We know Amazon (AMZN) offers an uptime guarantee of 99.95% on its EC2 cloud (measured in five-minute increments). So when Microsoft (MSFT) introduced the world to its Azure cloud in October, we wondered: What kind of reliability could we expect from Microsoft?
Seems the answer is, it depends on how much you’re willing to spend.
Speaking at a Windows Azure meetup at Microsoft’s midtown Manhattan offices earlier tonight, company executives said Microsoft is leaning towards a “tiered service level agreement,” with cheap cloud access offered with lower performance guarantees, and premium pricing to be charged for high-reliability service.
Execs added that a tiered SLA is only the company’s thinking at the moment, and may change before Azure goes live.
More details on Azure from the meeting:
- Azure is slated for go-live late 2009, with a beta release highly likely somewhere sooner than that. “That may slip,” Microsoft execs are quick to add, “our philosophy is ‘no wine before its time’.”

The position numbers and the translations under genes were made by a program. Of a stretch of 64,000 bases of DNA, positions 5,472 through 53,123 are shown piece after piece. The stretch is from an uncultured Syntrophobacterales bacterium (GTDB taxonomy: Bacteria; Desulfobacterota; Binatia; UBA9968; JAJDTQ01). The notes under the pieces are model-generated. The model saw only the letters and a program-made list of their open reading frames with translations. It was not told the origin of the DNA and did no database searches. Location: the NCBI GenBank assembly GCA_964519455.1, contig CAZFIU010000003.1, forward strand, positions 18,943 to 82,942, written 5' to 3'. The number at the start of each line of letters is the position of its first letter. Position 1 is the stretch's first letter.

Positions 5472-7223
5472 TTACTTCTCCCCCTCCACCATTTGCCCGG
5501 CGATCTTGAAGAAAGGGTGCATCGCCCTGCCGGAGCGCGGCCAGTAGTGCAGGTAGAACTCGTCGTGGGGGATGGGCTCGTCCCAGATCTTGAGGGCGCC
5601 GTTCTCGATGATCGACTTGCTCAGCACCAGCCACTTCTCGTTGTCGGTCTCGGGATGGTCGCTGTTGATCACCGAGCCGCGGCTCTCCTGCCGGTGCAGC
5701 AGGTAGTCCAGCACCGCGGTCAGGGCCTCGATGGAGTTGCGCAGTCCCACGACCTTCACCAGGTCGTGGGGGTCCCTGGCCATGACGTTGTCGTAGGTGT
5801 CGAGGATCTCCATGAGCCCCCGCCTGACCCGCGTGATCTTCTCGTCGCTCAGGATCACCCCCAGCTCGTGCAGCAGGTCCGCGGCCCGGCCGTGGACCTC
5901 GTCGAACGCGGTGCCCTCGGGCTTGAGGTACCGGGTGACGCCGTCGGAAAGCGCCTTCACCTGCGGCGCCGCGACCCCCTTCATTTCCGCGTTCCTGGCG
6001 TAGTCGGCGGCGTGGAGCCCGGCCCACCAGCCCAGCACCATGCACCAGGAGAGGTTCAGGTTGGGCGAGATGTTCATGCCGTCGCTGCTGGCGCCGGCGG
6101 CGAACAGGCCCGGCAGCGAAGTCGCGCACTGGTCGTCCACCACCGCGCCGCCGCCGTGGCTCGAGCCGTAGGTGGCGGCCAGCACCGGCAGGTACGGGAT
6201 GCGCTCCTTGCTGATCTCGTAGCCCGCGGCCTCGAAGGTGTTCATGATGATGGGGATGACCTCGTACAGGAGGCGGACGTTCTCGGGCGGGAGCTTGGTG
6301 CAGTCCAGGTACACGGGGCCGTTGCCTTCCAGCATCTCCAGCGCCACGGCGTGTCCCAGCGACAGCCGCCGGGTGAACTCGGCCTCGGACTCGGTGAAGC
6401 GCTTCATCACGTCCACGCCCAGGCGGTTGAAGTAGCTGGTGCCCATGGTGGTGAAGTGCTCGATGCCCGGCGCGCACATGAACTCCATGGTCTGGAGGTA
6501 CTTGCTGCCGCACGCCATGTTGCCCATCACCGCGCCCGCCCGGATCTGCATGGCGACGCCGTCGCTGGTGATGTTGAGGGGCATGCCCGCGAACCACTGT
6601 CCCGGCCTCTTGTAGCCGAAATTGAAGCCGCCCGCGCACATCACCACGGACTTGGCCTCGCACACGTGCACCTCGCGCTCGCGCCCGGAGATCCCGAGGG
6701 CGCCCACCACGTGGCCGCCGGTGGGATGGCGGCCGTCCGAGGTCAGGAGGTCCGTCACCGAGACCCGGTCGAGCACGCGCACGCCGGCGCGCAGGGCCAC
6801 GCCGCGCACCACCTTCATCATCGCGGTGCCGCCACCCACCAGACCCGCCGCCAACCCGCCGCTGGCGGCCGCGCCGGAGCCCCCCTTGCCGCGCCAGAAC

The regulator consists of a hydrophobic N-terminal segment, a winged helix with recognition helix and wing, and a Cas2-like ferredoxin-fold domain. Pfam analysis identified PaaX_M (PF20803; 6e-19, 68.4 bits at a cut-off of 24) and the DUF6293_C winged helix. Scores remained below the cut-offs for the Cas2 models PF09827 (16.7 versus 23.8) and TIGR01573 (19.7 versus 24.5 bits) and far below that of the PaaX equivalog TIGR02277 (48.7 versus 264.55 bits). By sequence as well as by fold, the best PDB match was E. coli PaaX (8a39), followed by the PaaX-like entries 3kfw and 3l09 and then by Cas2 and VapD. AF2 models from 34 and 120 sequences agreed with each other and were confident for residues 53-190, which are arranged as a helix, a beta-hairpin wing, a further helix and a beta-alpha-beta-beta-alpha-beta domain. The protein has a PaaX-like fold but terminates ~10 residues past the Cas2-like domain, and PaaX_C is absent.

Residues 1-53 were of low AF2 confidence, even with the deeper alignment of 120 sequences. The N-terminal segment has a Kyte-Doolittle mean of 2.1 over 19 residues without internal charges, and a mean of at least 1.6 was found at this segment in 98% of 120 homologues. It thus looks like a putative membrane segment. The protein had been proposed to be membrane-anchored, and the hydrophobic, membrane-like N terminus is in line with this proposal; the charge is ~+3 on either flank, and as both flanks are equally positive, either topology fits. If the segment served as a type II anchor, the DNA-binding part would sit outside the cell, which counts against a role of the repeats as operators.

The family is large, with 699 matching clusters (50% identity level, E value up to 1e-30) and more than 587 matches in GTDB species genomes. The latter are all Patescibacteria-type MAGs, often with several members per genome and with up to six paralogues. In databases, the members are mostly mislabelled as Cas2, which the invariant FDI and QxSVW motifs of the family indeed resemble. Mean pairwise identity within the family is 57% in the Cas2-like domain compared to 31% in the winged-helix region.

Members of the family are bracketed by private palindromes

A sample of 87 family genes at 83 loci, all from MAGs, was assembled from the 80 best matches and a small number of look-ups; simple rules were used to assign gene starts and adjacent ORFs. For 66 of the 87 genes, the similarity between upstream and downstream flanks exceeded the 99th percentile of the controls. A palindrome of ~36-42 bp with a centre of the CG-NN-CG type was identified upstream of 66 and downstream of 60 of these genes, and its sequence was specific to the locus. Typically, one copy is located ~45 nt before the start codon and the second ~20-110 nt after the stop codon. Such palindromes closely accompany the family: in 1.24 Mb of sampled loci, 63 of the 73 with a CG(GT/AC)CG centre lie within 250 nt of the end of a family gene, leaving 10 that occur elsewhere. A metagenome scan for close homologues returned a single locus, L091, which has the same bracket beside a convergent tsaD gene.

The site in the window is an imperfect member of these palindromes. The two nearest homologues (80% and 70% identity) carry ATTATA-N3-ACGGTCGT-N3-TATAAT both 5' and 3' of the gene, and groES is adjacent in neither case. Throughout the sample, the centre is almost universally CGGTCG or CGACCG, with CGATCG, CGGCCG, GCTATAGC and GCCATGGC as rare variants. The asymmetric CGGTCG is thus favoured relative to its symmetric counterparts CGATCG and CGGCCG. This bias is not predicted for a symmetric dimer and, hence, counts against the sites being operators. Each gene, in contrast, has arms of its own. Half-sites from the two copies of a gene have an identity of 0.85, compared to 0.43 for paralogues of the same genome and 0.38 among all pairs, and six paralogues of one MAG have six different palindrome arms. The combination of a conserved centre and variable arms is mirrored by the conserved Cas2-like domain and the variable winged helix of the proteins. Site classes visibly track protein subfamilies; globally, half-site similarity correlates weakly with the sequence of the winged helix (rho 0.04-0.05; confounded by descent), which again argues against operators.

- No word yet on pricing. But in Q&A attendees were told to look at what the competition charges, with promises Microsoft’s fee structure will be “competitive.”
- Microsoft executives kept repeating, like a mantra, “we build on what you know.” The pitch to developers is Azure is an easy transition for programmers already accustomed to developing applications with Microsoft tools.
- The company only has one Azure data centre live at the moment, in Washington State. But multiple data centres are scheduled to open worldwide in the coming months, with HP (HPQ) providing a lot of the hardware. One place Microsoft is looking closely: Greenland, which is cold (good for data centres) and has fast access to Europe. (Amazon opened data centres in Ireland in December for European EC2 users.)
- Microsoft isn’t yet considering offering “private clouds” to corporations, governments, or academia. Which means less competition for the likes of IBM (IBM), which has been aggressively moving into the “private cloud” space.
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